You should be able to have live sessions — either just you and your friends, or public on the web. As a host and admin, I’m thinking you can:

  • Create a link that let’s people join as listeners.
  • Create a link that let’s people join as co-hosts.
  • Choose if listeners can come with suggestions.

DJ component

There should be one…. 🤷🏻‍♂️

Here’s what I’m thinking about the costs:

  • The cost of hosting and serving the songs would get deducted from the artist’s payment.
  • If the songs earn less than their cost, the artist would need to pay for the songs to stay up.

I’m interested to hear about what people think about this model! This would do a whole lot of «cutting out the middle man», with the process of «getting a song on Spotify» being pretty complicated. However, it would put some risk on artists — but the costs to host some songs shouldn’t be that bad..? And I think removing the risk from the non-profit is pretty essential.

Some notes on what I would leave to the clients

I want others to create the Music Enjoying Apps, and simply compete on functions and user experience here. The app makers wouldn’t be able to lock you in with network effects 13 or that your «collection» is stuck within an app. 14

And since every service would pay artists well (and equally), being the best place to enjoy music, is the only incentive.

  • Who has the best apps for the devices you use?
    • «Best» differs from person to person. Some might want something simple and sleek, while others want maximum customisability and organisation tools.
    • The aforementioned app Marvis has some neat stuff, like smart playlists. I think that if the API provides the folders and the playlists themselves, the apps can be free to write to folders and playlists the way they please.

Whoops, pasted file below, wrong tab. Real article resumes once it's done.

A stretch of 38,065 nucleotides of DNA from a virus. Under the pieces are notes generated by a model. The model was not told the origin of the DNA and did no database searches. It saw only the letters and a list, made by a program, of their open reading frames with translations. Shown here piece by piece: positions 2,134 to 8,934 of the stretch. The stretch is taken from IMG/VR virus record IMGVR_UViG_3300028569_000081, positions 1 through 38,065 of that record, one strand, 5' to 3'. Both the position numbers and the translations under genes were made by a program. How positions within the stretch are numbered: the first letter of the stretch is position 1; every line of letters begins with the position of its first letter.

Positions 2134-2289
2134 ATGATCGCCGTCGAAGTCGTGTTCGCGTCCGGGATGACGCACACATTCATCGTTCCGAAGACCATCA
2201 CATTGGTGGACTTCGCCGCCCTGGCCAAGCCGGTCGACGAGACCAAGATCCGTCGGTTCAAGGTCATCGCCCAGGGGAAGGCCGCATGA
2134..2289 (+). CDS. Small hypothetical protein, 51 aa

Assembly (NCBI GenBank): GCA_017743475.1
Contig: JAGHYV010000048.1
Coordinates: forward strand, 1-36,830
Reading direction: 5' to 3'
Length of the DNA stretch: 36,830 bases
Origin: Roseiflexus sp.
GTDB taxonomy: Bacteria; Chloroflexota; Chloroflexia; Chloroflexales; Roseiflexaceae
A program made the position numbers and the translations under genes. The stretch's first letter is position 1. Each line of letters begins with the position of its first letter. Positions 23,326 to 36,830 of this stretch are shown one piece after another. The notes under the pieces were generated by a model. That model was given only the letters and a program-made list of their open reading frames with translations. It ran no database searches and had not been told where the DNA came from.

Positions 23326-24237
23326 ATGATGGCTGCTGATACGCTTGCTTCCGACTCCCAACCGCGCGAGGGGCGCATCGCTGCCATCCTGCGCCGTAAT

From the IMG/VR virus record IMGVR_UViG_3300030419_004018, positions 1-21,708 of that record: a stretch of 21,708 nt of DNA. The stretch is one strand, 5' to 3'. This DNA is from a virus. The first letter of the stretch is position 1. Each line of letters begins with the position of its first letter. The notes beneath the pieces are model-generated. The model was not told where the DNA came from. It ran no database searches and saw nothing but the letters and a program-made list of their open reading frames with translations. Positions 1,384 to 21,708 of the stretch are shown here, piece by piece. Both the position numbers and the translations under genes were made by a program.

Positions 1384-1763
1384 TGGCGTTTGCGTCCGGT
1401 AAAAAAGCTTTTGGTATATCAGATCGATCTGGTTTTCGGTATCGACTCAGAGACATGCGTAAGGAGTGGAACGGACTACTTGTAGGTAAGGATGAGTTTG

• Who supports the wireless protocols you need?
  • Who has the best algorithms for creating playlists and finding new music?
  • Who has the best curated playlists?
  • Who has the best sharing tools and integrations with other services?

It would be a bit like today, where some use Spotify, some Apple Music and some Tidal, except:

  • they would be able to share links between each other,
  • playlists, purchases, habits, etc. would follow the user if you switch clients,
  • and artists would only need to upload their music, artwork and posts in one place 15,

A carmaker could also make a client for their infotainment system — and everyone would have their playlists automatically! Stereo, TV, and phone makers could also do the same, of course!

So, what do you think??

As you can see, this is just me spitballing, and dumping all my ideas onto «paper». I might be an «idea guy» and have some web and basic design skills — but I have no idea on how to actually make this thing! There’s guaranteed a thousand technical reasons why this won’t work, and a million reasons why it’s a bad idea in general.

I’d love to hear your thoughts on this — and I’m happy if someone steals this idea, and even happier if someone wants to build it with me. Hit me up on Mastodon!


  1. I might write why some other time. ↩︎

  2. I mean, there’s even clients for Apple II, DOS, palmOS, Amigaand Windows 95↩︎

  3. When I say «artists», I guess I really mean «rights holders». Because we all know everything doesn’t go to the artists themselves! ↩︎

  4. And the only results I could find with that name, was something that looks like a defunct music label ↩︎

  5. Theoretically we should be able to pay better, as all the profits go to the artists. ↩︎

  6. Which I obviously have no idea on how to build. ↩︎

  7. I wouldn’t mind a client allowing users to sign up through the app - as long as the direct Creek user gets created. Apple would hate this though, so I don’t know. ↩︎

  8. $12/month seems like the base line - so I could imagine a Creek subscription costing $10, and then $2 for a client. ↩︎

  9. But fuck Hayley’s waitress. Not the song, but the person in the song. ↩︎

  10. Reservoir ,is my working title for this. ↩︎

  11. Piracy issues..? ↩︎

  12. But this does create duplicates of posts - so another idea would just be to integrate a Mastodon user directly..? ↩︎

  13. «All my friends use Spotify, and I want to be able to share playlists with them!» ↩︎

  14. «I’ve made so many playlists on Apple Music, and all my purchased songs are there!» ↩︎

  15. You know, since I assume world domination. ✌🏻 ↩︎